Virus Outbreak New Jersey

The New York skyline is seen May 11, 2020, from Jersey City, New Jersey.

(The Center Square) – A New Jersey bill could allow the state to retain income tax revenue paid by people who used to commute to jobs in New York, but are now working from home.

“It would be huge in terms of its impact on the New York state budget, because Jersey commuters have been paying $3 billion a year in taxes to Albany,” E.J. McMahon, senior fellow at the Empire Center for Public Policy, told The Center Square by email.

“Economically, it would be neutral to favorable, since it would remove a disincentive for NY firms with many key Jersey-based employees to consider relocating,” said McMahon.

McMahon noted that while many states have reciprocity agreements, New York is not one of them.

“It looks more like a symbolic gesture than a plan, because all New Jersey can do, in effect, is to stop allowing a credit for New York income taxes paid to NY-based employers, which would actually impose double taxation on the people involved,” McMahon said.

“If a significant number of former nonresident commuters to NY become full-time or nearly full-time work at home residents, the pressure will grow in their home states to seek different tax treatment from New York,” McMahon told The Center Square.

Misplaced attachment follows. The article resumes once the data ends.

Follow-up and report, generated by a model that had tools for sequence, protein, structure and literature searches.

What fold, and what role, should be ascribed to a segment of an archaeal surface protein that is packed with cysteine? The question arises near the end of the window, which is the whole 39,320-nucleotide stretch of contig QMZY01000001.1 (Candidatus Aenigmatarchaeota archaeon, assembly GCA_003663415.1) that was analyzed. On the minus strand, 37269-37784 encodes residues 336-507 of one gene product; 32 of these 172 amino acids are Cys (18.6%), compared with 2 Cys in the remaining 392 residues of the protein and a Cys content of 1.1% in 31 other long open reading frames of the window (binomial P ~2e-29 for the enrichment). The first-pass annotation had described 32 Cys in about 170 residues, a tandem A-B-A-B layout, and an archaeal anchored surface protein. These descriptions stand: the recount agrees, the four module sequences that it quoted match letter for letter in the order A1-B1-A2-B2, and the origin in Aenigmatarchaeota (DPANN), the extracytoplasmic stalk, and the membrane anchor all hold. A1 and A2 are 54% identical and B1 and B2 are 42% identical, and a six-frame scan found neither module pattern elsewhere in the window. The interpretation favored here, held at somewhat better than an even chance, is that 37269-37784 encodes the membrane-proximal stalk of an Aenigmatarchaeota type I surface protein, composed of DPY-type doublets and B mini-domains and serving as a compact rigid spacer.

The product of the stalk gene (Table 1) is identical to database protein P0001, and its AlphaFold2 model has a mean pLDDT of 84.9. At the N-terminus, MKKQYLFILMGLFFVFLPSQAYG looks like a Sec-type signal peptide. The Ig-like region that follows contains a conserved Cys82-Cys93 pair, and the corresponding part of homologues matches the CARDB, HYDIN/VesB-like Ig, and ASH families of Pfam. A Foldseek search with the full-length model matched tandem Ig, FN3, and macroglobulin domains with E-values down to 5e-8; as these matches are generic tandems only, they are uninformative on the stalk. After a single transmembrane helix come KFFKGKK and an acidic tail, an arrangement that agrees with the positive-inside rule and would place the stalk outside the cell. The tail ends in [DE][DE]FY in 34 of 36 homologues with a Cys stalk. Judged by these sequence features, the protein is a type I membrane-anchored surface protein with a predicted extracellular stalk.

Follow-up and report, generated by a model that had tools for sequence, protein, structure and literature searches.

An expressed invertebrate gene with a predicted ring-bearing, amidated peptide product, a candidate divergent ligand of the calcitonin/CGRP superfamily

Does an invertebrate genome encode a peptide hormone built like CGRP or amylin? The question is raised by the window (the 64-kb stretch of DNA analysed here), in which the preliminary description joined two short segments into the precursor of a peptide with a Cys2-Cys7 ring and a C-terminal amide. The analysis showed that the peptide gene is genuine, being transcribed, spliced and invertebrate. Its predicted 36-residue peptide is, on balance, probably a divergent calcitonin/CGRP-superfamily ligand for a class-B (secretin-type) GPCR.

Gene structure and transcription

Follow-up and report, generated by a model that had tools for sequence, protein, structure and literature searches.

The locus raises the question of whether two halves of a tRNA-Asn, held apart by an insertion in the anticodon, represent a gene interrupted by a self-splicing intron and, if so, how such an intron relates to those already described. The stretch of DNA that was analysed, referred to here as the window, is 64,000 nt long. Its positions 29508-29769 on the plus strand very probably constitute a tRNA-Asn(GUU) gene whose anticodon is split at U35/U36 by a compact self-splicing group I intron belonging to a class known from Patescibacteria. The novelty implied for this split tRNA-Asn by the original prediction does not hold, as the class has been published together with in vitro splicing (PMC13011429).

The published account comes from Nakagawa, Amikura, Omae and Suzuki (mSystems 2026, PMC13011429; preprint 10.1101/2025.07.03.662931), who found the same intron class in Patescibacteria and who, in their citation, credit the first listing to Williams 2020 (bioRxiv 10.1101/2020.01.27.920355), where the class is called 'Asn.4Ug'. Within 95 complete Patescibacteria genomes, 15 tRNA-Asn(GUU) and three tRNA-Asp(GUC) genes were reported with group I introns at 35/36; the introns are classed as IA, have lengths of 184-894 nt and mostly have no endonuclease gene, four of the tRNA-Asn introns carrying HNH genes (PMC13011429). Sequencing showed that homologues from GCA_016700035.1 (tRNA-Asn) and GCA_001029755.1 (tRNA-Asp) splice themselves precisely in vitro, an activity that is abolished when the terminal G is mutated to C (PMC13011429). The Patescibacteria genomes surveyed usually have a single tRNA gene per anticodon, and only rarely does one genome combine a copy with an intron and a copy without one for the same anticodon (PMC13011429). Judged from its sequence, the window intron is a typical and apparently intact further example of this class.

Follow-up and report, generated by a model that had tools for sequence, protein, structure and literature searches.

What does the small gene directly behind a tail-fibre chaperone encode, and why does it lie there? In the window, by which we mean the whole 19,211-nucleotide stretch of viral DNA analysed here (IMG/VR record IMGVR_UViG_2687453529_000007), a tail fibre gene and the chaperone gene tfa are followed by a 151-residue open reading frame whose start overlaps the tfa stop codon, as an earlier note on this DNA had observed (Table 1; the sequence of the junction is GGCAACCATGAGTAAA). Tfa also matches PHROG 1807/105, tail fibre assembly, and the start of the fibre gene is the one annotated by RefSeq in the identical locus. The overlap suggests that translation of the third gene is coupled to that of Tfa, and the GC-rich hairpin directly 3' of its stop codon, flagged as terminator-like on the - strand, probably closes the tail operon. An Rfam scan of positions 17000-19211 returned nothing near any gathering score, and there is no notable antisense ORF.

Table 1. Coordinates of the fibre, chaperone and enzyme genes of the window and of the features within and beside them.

“New York City employers dependent on key employees who prefer to work at home in neighboring states will have an incentive to open satellite offices in those states, which New York will challenge with litigation,” McMahon said.

New Jersey senators on Thursday voted unanimously in favor of S3064, which directs the state Treasurer to report back to lawmakers on New York’s taxation of New Jersey residents’ income, and whether it should change now that so many people are working remotely.

The bill, which is sponsored by NJ Sen. Steven Oroho (R-Sussex) and Senate President Stephen Sweeney (D-Gloucester) now goes before the state Assembly.

“One way or another, a lasting shift to more remote working by people who formerly commuted will pose a big threat to the nonresident taxation arrangement that has profited New York for decades,” McMahon said.